Figuring out what your wind resource is and the best place for a wind generator is vital and difficult. Without a reasonable estimate of the average wind speed at “tower top” (the height at which the turbine will sit), you’ll be making a wild guess about the production of your wind generator. Estimating wind speed is much more complicated and volatile than solar energy predictions, since the resource varies dramatically between rooftop (where it is almost always negligible) to above the trees (where it may be worth capturing).
Short of a full-blown wind study—which is often hard to justify financially for residential sites—two primary resources are often used. First is wind mapping, which might give you reasonable data if you have the expertise to interpret it. Second is already-collected local data, which also needs interpretation, and can range from definitive to useless, depending on the source and duration.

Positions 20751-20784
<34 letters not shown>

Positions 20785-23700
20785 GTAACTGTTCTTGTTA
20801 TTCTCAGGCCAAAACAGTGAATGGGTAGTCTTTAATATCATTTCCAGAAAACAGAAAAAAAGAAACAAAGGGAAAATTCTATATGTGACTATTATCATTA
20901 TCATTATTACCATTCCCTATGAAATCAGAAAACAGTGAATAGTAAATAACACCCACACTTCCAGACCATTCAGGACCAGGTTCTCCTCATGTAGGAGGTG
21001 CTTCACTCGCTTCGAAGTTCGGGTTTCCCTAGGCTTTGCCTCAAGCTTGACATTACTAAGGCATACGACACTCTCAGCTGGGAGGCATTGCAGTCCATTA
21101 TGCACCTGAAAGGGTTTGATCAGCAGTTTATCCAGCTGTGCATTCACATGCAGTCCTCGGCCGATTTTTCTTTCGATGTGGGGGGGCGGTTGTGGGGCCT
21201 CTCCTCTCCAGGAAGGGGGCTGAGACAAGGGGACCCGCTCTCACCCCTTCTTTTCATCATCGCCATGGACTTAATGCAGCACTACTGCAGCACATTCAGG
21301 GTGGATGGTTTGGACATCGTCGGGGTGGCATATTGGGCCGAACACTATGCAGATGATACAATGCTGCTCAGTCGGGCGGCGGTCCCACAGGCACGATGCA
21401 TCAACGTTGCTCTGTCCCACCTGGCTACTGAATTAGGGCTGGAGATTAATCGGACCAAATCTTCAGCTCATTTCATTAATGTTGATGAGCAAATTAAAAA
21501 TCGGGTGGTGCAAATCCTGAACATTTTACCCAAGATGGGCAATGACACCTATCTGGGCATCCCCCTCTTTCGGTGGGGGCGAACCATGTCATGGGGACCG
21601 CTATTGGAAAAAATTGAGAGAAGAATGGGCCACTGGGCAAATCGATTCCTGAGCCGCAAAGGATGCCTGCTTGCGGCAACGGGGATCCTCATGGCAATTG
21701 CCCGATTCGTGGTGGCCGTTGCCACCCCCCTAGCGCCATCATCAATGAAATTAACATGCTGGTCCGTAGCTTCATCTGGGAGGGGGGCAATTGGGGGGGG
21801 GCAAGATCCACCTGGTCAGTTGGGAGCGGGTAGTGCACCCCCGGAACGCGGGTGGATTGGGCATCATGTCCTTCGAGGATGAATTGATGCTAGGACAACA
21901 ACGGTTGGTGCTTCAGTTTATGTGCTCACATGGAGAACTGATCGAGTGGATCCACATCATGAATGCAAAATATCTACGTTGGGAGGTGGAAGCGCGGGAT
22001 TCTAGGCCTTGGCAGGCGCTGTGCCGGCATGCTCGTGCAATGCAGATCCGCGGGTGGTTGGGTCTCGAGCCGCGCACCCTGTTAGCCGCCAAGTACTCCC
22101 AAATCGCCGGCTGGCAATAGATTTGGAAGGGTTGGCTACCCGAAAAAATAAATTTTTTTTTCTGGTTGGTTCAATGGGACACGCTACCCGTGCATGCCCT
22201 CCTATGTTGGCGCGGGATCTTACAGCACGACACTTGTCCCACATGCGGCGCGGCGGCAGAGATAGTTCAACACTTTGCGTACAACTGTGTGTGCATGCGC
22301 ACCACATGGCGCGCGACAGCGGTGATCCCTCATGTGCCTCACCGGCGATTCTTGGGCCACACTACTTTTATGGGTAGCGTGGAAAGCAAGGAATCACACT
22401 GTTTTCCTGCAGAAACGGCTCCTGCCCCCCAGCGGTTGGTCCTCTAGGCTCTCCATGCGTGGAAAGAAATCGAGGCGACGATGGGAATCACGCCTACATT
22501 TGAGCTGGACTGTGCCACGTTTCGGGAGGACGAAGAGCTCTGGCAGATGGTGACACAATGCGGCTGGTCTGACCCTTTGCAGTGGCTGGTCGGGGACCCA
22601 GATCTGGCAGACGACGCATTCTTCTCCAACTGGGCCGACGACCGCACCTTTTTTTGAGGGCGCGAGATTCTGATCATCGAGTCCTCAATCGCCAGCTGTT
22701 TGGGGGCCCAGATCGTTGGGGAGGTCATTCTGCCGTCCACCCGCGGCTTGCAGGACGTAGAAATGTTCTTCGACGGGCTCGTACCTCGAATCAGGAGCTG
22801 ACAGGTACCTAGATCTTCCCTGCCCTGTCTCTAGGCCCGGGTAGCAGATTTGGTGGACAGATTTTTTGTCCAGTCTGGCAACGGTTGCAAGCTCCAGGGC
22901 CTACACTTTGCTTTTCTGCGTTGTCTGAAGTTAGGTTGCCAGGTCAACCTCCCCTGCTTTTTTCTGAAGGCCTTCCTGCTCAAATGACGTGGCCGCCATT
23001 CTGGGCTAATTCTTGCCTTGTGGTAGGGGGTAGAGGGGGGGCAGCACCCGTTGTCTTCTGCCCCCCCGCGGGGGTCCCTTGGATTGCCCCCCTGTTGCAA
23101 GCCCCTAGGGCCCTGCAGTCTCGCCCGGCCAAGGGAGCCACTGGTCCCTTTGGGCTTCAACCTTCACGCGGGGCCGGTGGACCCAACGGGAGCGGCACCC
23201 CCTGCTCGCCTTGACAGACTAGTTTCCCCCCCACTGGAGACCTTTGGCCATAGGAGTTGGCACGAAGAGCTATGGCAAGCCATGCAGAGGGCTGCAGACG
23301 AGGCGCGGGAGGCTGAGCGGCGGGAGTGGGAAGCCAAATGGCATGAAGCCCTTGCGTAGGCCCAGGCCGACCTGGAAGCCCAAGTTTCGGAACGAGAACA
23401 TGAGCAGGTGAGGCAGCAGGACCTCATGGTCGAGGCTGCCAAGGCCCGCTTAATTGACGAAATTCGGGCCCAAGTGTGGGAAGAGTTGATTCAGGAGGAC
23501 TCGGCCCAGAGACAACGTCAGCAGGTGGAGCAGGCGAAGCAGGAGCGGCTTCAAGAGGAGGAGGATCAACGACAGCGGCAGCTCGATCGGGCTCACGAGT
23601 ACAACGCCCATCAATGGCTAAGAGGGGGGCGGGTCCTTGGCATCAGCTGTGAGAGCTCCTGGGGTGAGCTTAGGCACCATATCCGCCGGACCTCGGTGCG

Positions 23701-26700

See Access to learn more about wind site analysis. Meanwhile, remember that knowing the average wind speed on your site is crucial to predicting wind-generator energy production. And small differences in the wind speed can make a big difference in production. For instance, the energy available in a 12 mph wind is about 70% greater than the energy available in a 10 mph wind.